Very much like the Hubble, however, the Webb promises to make astronomical history, kicking open the door to portions of the cosmos that until now have remained unseen, and revealing secrets about the birth of the universe that were once not just unknown, but unknowable. “There are all of these things that lurk out there that we haven’t even imagined,” says Klaus Pontoppidan, a Webb project scientist. “That is one of the things that makes it really, really exciting.”
It’s quiet now in mission control at the Space Telescope Science Institute on the Baltimore campus of Johns Hopkins University. As mission controls go, this is a small one—a dozen seats at a dozen consoles in a glassed-in room for the lead controllers, and at least an equal number in an auxiliary room. But on Dec. 24, the day before launch, the room filled with astronomers and engineers preparing for the 12-hour shifts they’ll be working once the Webb goes into operation. The first and biggest job they’ll have to do is the one of unfolding. Never mind simple reverse origami, this is a process that will take a full six months before the telescope is at last in place, deployed and ready to go about its work.
The JWST is especially complex due to the designs required for it to peer into the infrared. It’s easy to tell at a glance what the Hubble does, simply because it looks like a telescope—a metallic tube with a wide aperture at one end to admit light and a main mirror inside to gather up inflowing photons. The traditional tube shape serves as a shield, blocking out extraneous light that would flood and obscure the target image. The Webb is a different telescopic beast entirely. Observing in the infrared, it needs protection not from light but heat, which would ruin its vision as surely as light would Hubble’s. For that reason, the JWST has no housing at all. Its mirror flies open in space, atop a sun shield that protects it from solar radiation and the hundreds of degrees of heat to which the hardware would otherwise be exposed.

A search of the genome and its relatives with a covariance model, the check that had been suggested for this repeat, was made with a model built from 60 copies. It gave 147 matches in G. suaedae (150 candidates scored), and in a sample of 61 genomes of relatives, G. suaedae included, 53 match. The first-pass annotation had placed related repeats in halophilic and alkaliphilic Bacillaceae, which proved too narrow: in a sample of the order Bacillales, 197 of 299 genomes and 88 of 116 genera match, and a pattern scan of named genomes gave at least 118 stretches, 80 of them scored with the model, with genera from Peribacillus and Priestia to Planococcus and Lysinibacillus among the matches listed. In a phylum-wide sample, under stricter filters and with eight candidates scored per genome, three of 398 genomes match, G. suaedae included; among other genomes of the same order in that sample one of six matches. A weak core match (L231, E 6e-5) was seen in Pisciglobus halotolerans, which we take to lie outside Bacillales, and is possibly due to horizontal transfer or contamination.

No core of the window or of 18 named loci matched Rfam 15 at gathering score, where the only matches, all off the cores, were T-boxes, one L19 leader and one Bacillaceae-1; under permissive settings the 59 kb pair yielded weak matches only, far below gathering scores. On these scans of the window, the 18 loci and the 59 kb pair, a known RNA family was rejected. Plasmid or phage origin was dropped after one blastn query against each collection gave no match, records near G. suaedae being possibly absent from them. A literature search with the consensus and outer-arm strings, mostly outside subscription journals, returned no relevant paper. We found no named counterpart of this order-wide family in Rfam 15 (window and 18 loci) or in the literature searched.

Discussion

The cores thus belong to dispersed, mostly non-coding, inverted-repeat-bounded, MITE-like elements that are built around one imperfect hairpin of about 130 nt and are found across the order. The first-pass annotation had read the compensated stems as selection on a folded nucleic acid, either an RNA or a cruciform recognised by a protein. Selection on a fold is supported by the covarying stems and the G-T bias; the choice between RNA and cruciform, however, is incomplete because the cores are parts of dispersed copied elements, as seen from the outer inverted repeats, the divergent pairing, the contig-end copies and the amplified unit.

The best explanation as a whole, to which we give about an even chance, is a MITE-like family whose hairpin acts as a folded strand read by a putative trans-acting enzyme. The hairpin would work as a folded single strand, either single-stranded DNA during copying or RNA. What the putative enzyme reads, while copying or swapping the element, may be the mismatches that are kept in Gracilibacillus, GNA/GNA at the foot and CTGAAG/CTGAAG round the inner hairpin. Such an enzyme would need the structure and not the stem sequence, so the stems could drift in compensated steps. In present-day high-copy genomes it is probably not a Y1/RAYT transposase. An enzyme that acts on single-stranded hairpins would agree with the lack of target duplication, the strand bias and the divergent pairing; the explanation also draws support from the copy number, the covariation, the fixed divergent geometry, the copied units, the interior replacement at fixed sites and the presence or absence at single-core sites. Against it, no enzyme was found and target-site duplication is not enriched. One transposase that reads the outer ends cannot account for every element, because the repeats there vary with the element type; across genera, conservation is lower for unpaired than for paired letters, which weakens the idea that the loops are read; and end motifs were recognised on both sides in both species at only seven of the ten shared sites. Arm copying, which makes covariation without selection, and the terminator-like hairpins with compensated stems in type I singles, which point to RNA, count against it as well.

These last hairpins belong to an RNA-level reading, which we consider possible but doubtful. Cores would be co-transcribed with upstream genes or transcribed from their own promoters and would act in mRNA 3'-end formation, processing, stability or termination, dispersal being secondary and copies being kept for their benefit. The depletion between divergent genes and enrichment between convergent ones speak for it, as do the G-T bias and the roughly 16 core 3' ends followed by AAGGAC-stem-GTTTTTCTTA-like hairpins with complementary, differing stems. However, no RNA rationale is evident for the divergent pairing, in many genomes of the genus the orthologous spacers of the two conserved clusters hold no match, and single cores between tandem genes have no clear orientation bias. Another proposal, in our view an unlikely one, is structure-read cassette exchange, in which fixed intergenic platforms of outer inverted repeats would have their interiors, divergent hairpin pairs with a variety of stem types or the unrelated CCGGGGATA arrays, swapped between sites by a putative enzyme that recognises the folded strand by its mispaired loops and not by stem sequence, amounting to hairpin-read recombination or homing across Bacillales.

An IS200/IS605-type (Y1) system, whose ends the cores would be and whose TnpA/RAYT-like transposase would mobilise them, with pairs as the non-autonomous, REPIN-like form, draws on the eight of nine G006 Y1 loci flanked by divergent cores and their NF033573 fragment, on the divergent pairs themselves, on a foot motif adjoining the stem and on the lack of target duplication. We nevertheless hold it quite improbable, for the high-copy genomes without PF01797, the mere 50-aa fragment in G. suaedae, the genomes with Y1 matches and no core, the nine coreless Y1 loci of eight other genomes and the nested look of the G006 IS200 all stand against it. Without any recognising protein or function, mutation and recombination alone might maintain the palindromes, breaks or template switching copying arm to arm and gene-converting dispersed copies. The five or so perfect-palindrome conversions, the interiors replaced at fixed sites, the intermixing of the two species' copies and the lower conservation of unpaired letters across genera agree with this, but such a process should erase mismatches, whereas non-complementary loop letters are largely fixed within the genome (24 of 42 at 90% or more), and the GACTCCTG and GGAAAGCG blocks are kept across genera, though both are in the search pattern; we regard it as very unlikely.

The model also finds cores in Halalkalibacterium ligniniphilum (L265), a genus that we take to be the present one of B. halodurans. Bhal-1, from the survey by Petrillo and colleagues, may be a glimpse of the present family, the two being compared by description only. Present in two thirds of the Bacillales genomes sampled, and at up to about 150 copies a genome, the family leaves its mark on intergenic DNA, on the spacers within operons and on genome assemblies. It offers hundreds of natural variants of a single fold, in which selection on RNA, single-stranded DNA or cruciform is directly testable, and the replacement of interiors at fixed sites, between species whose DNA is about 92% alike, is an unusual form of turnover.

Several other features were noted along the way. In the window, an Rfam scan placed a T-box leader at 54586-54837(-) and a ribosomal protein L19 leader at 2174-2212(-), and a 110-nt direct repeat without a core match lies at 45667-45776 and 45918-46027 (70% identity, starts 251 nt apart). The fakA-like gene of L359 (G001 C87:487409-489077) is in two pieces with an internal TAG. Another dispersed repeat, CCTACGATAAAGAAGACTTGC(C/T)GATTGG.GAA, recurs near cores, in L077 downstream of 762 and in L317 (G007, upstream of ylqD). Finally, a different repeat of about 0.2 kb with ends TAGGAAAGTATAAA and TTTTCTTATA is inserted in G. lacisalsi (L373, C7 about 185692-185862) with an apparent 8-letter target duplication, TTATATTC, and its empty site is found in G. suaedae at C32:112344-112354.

All by itself, the mirror is an extraordinary piece of engineering. Hubble’s mirror, which measures 2.4 m (7.9 ft) across, is a single, circular piece of highly milled and polished glass that, like the telescope itself, looks exactly like what it is. Webb’s is much more complex—a far larger 6.5 m (21.3 ft) across, and assembled from 18 separate hexagonal segments. The segments are made of beryllium—a metal that functions like glass but can be more highly shaped and polished—and covered in a thin layer of gold for reflectivity. NASA is fond of pointing out that while the gold covers the entire 25 sq. m (269 sq. ft) of the mirror, it is applied in such a thin layer that if it were peeled off and tamped down, it would be little bigger than a golf ball. The beryllium, meanwhile, is polished so smoothly that if it were expanded to the size of the United States, its biggest imperfection would be just a meter high. Each of the mirror segments can move in seven different directions—up, down, left, right, in, out and a diagonal tilt—to focus and refine the infrared energy being captured across the entire mirror surface.
“We have such a large primary mirror because what we want to do is look deep into the universe, so you need a bigger photon bucket,” says NASA associate administrator Thomas Zurbuchen.
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That bucket has to stay cold—one reason the telescope is not in Earth orbit, where it would have to contend with the constant day-night-hot-cold cycle satellites experience as they circle the globe. But the sun still shines at the Lagrange points, and that’s where the Webb’s sunshield comes in. Roughly diamond shaped and as big as a tennis court, the shield is made of five layers of kapton, a foil-like film as thin as a human hair. On the outer layer, the side exposed directly to the sun, the temperature will be about 110º C (230º F, 383 Kelvin). On the inner layer, closest to the mirror, it will be -237º C (-394º F, 36 Kelvin).